If my daughter says she wants to be a princess, I can actually hear peoples eyes rolling in their sockets. To be fair, her princesses are actually pretty positive role models - Mulan, Rapunzel, Moana, Monoke - these are not wilting wallflower waiting to be rescued. I am aware that some of this stuff is problematic - if you are an adult with a degree in media studies. When you are five, Rapunzel painting a picture and then twanging a bad guy in the face with a frying pan is of more value than the collected works of Germaine Greer. It is also worth noting that no one frowns or rolls their eyes if my son says he wants to be a scientist, no one worries that society has inculcated him into a gendered role, due to societal pressure beyond his understanding. I do understand why the focus is on increasing access for girls - boys continue to have a much broader range of options offered to them before they are even aware they are making choices. My worry is that in our eagerness to redress this balance we sometimes end up invalidating the choices a girl feels she is making for herself - even if those choices involve fairies or fashion or looking after babies.

Therefore I am not pushing my daughter into science and engineering even though I know she’ll be great at them. I am taking the time to celebrate the things that she wants to explore; if she wants everything covered in sparkles and to spend time on make up and pretty dresses it is my responsibility to celebrate this, not denigrate it. My job is to build her confidence in her ability to make her own choices and to point out the barriers that she may not have noticed so she can navigate them herself. It is not my job to push her down a road she does not yet want to travel. Any choices she makes in the future should be grounded in her own sense of self, her confidence in her own abilities and her perception of herself as an active agent in her own destiny.  

The thing that has surprised me is how much I am enjoying entering this world of froth and frippery. As I grew hoarier and more cynical, I turned away from make up and dressing fancy. The feminist in me was suspicious of this sort of self regard; it was too compromised, founded upon a suspect ideology. Thanks to my daughter I have re-discovered that wearing jewellery, putting on pretty dresses and too much make up, painting nails and sticking on tattoos is remarkably satisfying. In rejecting these things I lost the pleasure they bring. I forgot that self care is about the process, not about the result. Now I remember the joy of watching Bjork on Top of the Pops and galloping upstairs to copy her eye make up. I remember when I would go to Monsoon and try on 3 of their finest dresses just to listen to the shop assistant tell me how wonderful I looked.  I loved how I looked in those clothes and this simple act stopped me worrying about my A levels just for a little bit. I had forgotten the good in all of these things. My daughter has reminded me of them.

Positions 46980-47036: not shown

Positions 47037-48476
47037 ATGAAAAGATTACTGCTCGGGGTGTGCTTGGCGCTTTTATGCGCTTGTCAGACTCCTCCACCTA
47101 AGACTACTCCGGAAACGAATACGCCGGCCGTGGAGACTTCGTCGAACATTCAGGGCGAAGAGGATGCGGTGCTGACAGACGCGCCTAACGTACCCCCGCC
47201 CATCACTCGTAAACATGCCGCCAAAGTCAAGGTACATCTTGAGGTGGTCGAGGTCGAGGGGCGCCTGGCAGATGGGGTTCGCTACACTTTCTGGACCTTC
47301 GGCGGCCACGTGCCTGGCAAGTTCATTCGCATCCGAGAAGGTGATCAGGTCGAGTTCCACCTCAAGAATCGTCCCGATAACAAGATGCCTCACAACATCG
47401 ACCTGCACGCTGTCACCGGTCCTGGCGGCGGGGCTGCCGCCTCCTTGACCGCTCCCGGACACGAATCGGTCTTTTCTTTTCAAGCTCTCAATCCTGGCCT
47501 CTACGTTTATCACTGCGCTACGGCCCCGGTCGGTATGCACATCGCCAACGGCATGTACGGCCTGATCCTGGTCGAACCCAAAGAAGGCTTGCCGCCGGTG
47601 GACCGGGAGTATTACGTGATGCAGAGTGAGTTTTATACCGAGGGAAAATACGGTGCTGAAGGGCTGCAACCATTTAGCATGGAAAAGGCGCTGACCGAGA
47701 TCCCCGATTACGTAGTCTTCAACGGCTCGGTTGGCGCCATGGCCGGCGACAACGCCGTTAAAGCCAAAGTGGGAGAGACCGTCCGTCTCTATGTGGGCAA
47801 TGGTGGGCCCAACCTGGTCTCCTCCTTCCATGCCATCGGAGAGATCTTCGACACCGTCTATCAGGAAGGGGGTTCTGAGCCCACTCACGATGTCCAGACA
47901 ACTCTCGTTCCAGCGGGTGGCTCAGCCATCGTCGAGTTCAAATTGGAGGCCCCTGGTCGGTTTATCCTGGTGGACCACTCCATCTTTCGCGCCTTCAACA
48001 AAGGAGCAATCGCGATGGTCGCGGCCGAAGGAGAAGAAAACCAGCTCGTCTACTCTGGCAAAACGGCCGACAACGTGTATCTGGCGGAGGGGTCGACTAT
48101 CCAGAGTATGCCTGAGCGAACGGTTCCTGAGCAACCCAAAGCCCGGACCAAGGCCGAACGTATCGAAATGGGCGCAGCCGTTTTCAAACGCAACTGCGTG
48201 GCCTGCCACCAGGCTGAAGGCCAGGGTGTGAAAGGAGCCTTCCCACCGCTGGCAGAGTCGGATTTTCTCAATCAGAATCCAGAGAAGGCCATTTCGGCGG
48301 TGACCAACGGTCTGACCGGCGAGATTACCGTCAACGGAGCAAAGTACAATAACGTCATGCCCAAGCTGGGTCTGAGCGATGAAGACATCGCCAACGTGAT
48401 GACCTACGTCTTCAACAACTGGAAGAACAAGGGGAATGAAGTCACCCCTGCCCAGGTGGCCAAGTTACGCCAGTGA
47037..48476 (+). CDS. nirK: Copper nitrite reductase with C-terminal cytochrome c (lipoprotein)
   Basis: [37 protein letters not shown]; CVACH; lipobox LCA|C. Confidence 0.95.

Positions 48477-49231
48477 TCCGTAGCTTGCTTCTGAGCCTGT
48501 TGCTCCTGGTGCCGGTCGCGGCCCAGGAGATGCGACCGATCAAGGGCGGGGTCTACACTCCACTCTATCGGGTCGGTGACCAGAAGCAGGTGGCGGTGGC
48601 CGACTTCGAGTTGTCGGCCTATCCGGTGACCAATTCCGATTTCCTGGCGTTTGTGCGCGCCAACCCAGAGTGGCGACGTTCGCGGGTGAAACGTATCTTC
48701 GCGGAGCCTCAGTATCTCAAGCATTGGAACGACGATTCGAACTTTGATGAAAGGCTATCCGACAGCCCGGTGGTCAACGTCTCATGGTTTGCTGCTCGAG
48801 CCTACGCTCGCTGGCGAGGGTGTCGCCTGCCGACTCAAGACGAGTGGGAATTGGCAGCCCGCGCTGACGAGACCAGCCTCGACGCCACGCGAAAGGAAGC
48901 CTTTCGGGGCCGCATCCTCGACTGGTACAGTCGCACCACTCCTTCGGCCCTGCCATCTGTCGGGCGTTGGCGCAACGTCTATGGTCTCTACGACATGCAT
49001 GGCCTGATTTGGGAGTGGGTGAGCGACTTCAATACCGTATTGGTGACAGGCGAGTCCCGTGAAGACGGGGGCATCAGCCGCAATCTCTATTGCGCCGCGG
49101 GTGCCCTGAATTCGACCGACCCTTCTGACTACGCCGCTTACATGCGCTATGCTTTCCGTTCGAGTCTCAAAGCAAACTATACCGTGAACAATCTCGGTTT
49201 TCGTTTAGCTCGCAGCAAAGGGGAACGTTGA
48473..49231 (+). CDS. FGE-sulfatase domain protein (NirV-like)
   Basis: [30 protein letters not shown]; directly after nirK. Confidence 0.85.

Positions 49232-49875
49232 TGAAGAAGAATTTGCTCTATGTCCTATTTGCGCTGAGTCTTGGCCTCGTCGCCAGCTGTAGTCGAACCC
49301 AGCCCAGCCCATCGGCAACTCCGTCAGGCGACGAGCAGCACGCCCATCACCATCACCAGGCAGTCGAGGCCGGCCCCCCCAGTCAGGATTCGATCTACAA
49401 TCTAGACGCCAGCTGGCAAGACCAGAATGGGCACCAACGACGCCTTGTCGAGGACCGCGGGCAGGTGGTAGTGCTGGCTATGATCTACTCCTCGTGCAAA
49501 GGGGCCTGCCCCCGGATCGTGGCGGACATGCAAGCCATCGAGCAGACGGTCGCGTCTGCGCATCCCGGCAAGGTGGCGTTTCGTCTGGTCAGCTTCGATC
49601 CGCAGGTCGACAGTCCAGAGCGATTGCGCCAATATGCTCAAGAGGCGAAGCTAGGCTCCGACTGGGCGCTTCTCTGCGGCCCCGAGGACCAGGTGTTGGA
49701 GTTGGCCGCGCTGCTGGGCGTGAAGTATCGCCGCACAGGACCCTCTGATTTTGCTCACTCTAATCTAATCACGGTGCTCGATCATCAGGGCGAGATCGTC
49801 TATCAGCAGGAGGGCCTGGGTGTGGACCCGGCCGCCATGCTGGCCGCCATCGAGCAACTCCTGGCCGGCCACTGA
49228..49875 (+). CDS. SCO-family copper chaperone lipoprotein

Now, as I sit painting my daughter’s nails and my own (badly, oh so badly) I can find that simple pleasure in self care again and the joy of caring for those you love. I am enjoying the shared space, the enforced stillness that this activity requires and the chance it gives us to talk and to share secrets. It is also my responsibility to make damn sure that her brother is involved in these so-called ‘girlie’ activities too - to make sure that this kind of activity is not considered out of bounds for him. He needs to learn the importance of self care and caring for others just as much as she does. My boy deserves equal access to feeling lovely about himself as well. I must admit this is going very well. I have been rewarded for my benevolent feminism tenfold as both my children now regularly do my hair and offer me massages. I am trying to encourage them to call it their ’Spa’ but sadly both are very insistent that i am visiting their 'massage parlour', which conuures up some rather less wholesome images in my head - but hey ho, at least they're happy.

We are fighting an uphill battle for gender equality, I am aware - just look at the response to John Lewis’ excellent initiative to rid their children’s department of gendered labels. Anyone would think they had decided to set up a castration clinic at the top of the escalators not just change some signage.  I must admit though, most people I know are in favour of removing these arbitrary labels- any attempt to expand a child’s universe rather than limiting or prescribing it is surely a good thing. 

A child’s world is saturated in messages about what it is to be a boy or to be a girl and we are right to interrogate these things and to challenge the ossification of gender roles and the opportunities that are available to both boys and girls. We have a duty to keep the world as wide and free as possible, to allow our children to travel different paths and to change direction when they want. It is our job to reduce the barriers that appear on the roads before them.